When was the last time your home workspace or study station inspired you? For most people, the answer is, “Not recently.”

Whether you’re prepping an area for your work-from-home days or setting up a spot for young scholars to study , you can kick inspiration into high gear with home office solutions that will get your creative juices flowing again.

Window wonder

It’s no secret that sunshine does the body good. Fix up a space near the window so you can soak up plenty of vitamin D while pumping out price lists or writing that term paper.

Greenery looks great near a bright area, so a potted plant or two might help naturally bring your space to life.

Arts and crafts

The age of DIY is upon us. Embrace the casual-cool vibes and create your very own home desk area.

Need a semipermanent to-do list? Try using chalkboard paint to make yourself a giant notepad on a nearby cabinet or a framed chalkboard. Tired of the overdone corkboard for your sticky notes? Framed chicken wire with clothespins makes a more shabby-chic memo board.

The possibilities really are endless for this type of style. Just don’t let your DIYing get in the way of the tasks you originally sat down to do!

Photo from Zillow listing.

Collaboration is key

For those less focus-intensive projects, investigate a collaborative workstation with several small spaces or a giant community table. This type of work environment has been popular among small companies and creative agencies for the purpose of bouncing around ideas.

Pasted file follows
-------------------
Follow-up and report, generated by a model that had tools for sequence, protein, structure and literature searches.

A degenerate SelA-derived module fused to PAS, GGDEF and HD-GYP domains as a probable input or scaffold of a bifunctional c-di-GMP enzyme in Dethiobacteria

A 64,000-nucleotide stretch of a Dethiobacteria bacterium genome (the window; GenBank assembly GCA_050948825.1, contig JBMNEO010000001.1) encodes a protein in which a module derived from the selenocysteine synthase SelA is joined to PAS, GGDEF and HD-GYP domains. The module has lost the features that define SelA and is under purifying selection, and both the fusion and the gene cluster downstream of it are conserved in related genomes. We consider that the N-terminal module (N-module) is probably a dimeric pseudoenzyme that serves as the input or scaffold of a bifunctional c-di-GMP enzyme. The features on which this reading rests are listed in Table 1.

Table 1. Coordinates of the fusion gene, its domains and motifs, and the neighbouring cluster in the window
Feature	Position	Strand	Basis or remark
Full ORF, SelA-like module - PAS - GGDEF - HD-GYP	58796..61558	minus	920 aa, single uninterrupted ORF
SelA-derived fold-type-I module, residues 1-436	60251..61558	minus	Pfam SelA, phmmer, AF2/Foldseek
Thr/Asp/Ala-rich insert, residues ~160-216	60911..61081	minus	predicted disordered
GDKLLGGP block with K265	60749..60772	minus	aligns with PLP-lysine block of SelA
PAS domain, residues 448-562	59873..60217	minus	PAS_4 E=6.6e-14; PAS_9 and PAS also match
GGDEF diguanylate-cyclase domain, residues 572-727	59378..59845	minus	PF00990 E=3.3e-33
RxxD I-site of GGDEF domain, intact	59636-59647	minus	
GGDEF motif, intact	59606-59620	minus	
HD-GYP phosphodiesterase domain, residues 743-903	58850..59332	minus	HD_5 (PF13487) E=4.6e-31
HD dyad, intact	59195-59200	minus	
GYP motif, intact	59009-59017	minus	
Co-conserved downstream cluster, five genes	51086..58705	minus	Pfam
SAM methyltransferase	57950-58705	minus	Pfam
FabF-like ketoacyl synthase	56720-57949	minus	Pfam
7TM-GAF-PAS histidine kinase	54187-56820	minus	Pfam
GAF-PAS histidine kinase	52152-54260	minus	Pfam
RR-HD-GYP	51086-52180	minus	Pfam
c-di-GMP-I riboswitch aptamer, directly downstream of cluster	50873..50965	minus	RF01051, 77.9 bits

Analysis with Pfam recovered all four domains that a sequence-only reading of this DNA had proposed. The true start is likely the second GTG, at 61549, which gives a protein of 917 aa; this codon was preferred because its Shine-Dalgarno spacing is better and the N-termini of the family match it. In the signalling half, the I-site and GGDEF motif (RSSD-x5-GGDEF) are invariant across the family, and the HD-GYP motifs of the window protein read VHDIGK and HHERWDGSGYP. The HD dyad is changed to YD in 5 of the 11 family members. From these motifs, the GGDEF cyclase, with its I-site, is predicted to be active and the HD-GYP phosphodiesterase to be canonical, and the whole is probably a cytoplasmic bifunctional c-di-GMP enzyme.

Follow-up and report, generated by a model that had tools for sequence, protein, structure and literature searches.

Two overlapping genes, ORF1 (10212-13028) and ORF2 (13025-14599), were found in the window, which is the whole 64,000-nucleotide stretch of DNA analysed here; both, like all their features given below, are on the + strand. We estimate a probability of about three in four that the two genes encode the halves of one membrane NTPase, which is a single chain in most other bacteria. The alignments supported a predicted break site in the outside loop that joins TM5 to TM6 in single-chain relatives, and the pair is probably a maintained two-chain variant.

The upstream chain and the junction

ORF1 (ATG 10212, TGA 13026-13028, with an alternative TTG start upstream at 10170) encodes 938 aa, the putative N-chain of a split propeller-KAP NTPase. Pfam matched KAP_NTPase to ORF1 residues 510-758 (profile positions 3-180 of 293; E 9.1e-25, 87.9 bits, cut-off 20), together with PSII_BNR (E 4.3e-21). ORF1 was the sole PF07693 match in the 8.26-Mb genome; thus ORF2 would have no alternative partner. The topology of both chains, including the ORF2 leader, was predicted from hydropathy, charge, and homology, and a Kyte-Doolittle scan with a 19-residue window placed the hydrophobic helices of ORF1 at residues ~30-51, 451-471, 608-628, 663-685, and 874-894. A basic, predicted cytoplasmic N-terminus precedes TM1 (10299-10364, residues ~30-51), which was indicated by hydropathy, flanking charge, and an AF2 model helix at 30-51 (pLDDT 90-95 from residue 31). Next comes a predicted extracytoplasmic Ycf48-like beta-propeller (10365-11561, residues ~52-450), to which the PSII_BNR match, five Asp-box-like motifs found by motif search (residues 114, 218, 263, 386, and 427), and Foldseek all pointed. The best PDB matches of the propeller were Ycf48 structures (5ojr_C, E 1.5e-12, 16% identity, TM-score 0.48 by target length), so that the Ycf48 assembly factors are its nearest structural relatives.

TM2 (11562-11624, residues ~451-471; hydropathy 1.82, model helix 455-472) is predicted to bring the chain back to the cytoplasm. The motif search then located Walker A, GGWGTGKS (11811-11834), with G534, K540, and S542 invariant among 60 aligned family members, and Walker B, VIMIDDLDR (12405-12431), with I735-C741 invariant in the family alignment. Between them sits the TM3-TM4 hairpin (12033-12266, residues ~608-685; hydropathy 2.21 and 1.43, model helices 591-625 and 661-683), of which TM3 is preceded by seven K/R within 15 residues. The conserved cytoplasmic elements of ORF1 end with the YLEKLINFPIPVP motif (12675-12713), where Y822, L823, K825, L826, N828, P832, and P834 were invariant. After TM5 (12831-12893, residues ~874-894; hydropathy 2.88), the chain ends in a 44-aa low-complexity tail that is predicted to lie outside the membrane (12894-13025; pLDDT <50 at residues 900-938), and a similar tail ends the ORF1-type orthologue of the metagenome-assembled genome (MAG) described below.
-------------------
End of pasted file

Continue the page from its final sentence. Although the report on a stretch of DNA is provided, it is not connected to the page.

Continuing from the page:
If you still want your own personal space, put a divider between you and the other desks for some extra privacy, and take it down when it’s time to meet and discuss. You know what they say: Teamwork makes the dream work.

collab sm
Photo from Zillow listing.

A clear mind

While many of us would like to think we have complete control of our habit of logging onto Facebook or checking what else our calendar has in store for us, most of us really don’t. And the greatest enabler of this sidetracked behavior is a cluttered workspace.

Set the stage for a clean slate with a bright white desk and matching chair, a simple light fixture and an inspiring element. Keeping your workstation simple and clutter-free ensures you have a productive day – even if your homework is less than exhilarating.

Whether you’re up all night cramming for exams or prepping for a work presentation due first thing in the morning, you’ll feel more focused and productive by incorporating any of these tips into your workstation.


Originally published September 7, 2016.

Silver Screen Collection/Getty Images; realtor.com

Elizabeth Taylor’s former estate in Beverly Hills is ready for its close-up, this time with a price cut. Originally on the market for $16 million, the home has returned at $12 million, the Los Angeles Times reported.

“It’s a wonderful buy,” says listing agent Joyce Rey.

Rey also pointed out the home’s privacy and beautiful ocean views as stand-outs, but the feature that is hardest to find is the property’s size. “You can’t find many 2-acre lots with a flat pad,” she says.

Before it came on the market last year, the home hadn’t been available for two decades. The current owners added a guest apartment and updated the decor when they moved in. 

Views from Elizabeth Taylor’s former home


The living room opens to the patio.


Kitchen with island and prep area


Master suite with octagonal coffered ceiling


Two-acre lot with lush gardens


The extremely private, one-level property is built around a courtyard, and features city and ocean views. The serene space includes a gated entry, mature landscaping, pool, spa, and gardens.